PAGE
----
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Jeb’s Hard Work Fable

Governor Jeb Bush announced that he thinks people should work more hours in a campaign speech this week. This puts him in direct opposition to the two leading contenders on the Democratic side, both of whom are pushing proposals that will allow people to work less. This could mean that 2016 will be an election in which work hours play a central role.

Starting with Bush’s position, the comment came in the context of a speech where he was listing the things that we need to do to reach his target of 4.0 percent annual GDP growth “as far as the eye can see.” Bush said that we need to increase labor force participation, work longer hours, and increase productivity.

This is not the first time that Bush said that he thought people should work more. He previously argued for raising the normal retirement age for Social Security.

The sight of someone who was raised in privilege, and relied on family connections to make his careers in business and politics, telling the rest of the public they have to work more, will make good fodder for Governor Bush’s political opponents. But this position is actually held by many people in policy circles in both political parties.

The argument is that we need more workers in order to sustain economic growth, even if almost no one thinks Bush’s 4.0 percent growth target is remotely plausible. In particular, they argue that as we see an aging population, we will have to keep people working to older ages and get also to get more hours of work from them each year until they do retire.

This view is striking given that the United States and most of the rest of the world has been suffering from the opposite problem for the last eight years. The United States, Europe, and Japan all have fewer people working than would like to work because there is insufficient demand in the economy. The problem our economies are facing is that we don’t have enough jobs.

In fact, one of the lines that is getting widely (and wrongly) repeated is that none of us will have work because robots are taking all the jobs. Obviously we can’t both have a shortage of workers and a shortage of jobs at the same time.

While the robots taking all our jobs story is an exaggeration, the basic point is right. We are seeing rising productivity through time, which means that we can produce more goods and services with the same amount of work. This is the basis for rising living standards.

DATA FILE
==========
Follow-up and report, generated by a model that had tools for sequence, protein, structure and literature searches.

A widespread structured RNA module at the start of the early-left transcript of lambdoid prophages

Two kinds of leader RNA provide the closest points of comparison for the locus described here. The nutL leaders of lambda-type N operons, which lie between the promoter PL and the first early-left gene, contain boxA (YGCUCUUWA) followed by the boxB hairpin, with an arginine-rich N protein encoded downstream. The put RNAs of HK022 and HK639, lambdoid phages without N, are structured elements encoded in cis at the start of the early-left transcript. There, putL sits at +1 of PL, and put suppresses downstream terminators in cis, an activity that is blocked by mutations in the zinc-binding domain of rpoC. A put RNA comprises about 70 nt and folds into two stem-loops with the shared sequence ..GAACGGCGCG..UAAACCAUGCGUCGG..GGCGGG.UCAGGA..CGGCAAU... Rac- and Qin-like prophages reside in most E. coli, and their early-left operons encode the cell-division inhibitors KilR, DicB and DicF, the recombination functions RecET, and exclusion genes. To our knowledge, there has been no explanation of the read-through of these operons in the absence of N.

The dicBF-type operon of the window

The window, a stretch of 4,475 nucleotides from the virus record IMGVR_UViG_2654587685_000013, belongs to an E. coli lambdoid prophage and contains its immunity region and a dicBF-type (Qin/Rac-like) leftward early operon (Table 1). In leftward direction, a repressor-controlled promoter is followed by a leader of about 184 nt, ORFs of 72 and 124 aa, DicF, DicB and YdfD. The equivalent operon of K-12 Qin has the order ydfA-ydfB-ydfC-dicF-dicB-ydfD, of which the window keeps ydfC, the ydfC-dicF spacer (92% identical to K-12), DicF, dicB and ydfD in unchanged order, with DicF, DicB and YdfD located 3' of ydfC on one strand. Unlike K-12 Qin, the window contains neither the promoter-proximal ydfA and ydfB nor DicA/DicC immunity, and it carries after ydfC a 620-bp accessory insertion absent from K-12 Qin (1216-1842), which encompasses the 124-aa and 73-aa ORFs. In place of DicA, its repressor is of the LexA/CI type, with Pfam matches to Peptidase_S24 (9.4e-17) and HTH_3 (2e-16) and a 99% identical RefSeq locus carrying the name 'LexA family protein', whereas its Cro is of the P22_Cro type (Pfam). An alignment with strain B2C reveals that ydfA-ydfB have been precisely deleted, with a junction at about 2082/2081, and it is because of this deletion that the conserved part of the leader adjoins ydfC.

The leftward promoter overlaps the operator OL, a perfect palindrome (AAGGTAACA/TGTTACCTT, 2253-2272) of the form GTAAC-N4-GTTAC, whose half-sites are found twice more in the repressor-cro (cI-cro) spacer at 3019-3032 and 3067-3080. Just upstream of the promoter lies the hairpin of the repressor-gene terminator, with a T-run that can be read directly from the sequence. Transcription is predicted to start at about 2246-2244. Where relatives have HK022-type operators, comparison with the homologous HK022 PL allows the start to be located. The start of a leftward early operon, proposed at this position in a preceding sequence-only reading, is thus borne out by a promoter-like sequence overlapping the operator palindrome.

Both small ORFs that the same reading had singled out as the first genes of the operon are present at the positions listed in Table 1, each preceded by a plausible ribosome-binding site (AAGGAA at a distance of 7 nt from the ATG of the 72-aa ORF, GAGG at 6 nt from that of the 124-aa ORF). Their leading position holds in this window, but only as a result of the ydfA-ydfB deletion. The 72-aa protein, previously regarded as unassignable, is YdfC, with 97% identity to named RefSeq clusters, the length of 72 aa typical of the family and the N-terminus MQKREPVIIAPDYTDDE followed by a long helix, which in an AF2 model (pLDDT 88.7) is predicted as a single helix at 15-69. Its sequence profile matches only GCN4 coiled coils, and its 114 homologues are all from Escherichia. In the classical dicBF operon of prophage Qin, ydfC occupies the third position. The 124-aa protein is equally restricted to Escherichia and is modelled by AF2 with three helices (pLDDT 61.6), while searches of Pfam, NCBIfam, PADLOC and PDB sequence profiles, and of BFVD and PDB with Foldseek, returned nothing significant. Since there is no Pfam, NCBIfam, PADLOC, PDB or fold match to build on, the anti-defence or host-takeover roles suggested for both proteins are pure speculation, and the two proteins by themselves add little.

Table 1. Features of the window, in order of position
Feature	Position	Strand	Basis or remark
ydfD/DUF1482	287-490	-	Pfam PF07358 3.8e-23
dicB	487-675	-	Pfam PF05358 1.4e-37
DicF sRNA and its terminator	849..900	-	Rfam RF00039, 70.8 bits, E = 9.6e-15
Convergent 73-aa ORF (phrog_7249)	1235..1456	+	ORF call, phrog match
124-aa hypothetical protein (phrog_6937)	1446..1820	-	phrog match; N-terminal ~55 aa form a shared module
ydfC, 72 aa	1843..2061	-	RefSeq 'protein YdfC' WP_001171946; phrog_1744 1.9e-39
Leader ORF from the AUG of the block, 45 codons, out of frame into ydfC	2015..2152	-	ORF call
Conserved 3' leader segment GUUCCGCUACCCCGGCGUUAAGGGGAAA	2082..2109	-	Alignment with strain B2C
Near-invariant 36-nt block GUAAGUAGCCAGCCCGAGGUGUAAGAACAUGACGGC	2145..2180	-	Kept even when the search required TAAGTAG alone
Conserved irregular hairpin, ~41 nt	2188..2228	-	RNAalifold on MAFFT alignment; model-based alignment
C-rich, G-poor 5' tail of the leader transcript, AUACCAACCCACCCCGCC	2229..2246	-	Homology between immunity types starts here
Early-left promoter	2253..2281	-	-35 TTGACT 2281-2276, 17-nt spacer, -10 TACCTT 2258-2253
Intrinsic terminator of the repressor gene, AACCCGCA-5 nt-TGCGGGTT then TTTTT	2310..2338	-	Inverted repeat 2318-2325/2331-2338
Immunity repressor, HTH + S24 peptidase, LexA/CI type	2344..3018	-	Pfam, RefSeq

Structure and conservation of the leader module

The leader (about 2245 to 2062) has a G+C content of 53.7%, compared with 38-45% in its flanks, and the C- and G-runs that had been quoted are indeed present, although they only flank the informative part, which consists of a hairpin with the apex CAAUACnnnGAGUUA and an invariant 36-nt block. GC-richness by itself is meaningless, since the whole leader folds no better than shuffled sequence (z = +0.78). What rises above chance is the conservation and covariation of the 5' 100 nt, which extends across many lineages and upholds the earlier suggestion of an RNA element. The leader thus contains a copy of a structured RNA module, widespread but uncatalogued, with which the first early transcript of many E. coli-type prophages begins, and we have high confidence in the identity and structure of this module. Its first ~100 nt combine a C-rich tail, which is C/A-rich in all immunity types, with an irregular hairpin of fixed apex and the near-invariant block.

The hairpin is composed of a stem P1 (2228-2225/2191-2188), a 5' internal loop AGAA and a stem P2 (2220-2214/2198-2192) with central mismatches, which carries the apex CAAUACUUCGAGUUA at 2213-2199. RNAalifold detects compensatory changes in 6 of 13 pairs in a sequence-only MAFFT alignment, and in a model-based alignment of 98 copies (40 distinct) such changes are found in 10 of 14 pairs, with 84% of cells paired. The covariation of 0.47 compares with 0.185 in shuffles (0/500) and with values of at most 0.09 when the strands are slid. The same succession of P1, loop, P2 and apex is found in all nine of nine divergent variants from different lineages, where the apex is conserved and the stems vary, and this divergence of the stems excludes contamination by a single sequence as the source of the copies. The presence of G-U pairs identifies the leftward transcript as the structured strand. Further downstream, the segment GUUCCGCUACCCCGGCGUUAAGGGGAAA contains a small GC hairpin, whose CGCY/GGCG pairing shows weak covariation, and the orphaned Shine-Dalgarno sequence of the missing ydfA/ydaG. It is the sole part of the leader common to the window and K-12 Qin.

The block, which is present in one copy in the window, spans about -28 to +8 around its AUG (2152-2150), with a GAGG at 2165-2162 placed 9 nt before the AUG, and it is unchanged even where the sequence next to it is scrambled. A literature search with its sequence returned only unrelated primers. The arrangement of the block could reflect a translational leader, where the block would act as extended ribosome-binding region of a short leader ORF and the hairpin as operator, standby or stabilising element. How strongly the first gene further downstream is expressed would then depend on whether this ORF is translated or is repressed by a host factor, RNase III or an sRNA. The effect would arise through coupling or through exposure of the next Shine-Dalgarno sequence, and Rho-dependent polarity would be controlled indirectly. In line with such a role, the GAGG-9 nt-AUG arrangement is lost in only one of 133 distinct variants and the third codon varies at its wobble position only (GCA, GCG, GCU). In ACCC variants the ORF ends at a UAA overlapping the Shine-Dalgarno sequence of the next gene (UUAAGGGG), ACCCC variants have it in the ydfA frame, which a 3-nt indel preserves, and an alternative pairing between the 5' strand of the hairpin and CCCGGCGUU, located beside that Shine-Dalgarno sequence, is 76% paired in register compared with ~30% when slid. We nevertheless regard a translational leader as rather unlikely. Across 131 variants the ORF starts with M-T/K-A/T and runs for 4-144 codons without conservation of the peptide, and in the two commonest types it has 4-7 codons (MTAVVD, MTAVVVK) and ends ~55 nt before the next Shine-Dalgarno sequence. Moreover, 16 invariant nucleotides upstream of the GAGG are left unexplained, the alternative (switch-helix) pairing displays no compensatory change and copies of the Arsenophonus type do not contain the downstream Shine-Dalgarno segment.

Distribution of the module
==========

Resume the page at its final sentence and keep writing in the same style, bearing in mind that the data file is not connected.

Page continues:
Historically, we have taken the benefits from higher productivity in both higher pay and more leisure. If we go back a century, work weeks of sixty or even seventy hours a week were common. While our workweek has been largely fixed at forty hours a week for the last seventy years, other countries have pursued policies to shorten the work week and/or work year. These policies include paid sick days, paid family leave, and paid vacation.

Several European countries have actively pushed policies of work sharing as an alternative to unemployment. In this case, the government compensates workers in part for a reduction in hours as opposed to paying unemployment insurance to someone who has lost their job. Germany has paved the path on this policy, which is an important factor in its 4.7 percent unemployment rate.

As a result of work sharing and other policies, the average worker in Germany puts in almost 25 percent fewer hours each year than workers in the United States, according to the OECD. Most other wealthy countries are close to Germany. In the Netherlands, the average work year is 21 percent shorter than in the United States. In Denmark, it is 20 percent shorter than in the United States.

The leading Democratic contenders are proposing policies to get the United States more in line with the rest of the world. Secretary Clinton has indicated she will support paid family leave and paid sick days, although she has not yet produced specific proposals. Senator Bernie Sanders, the other leading contender, also supports paid family leave and paid sick days. In addition, he recently put forward a proposal guaranteeing all workers two weeks a year of paid vacation. That might seem like small change compared to the five to six weeks a year that is now standard in Europe, but it would be a huge gain for tens of millions of workers.

There is a long way yet before the parties select their nominees, but if the general election ends up being a contest between Jeb Bush and either Clinton or Sanders, it will present the country with an unusually clear choice. We will have one candidate who wants people to work more hours and retire later, and another candidate who wants to put in place policies so that people can work less. That will make for an interesting election.

This column originally appeared in The Guardian.

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Dean Baker is a macroeconomist and co-director of the Center for Economic and Policy Research in Washington, DC. He previously worked as a senior economist at the Economic Policy Institute and an assistant professor at Bucknell University.

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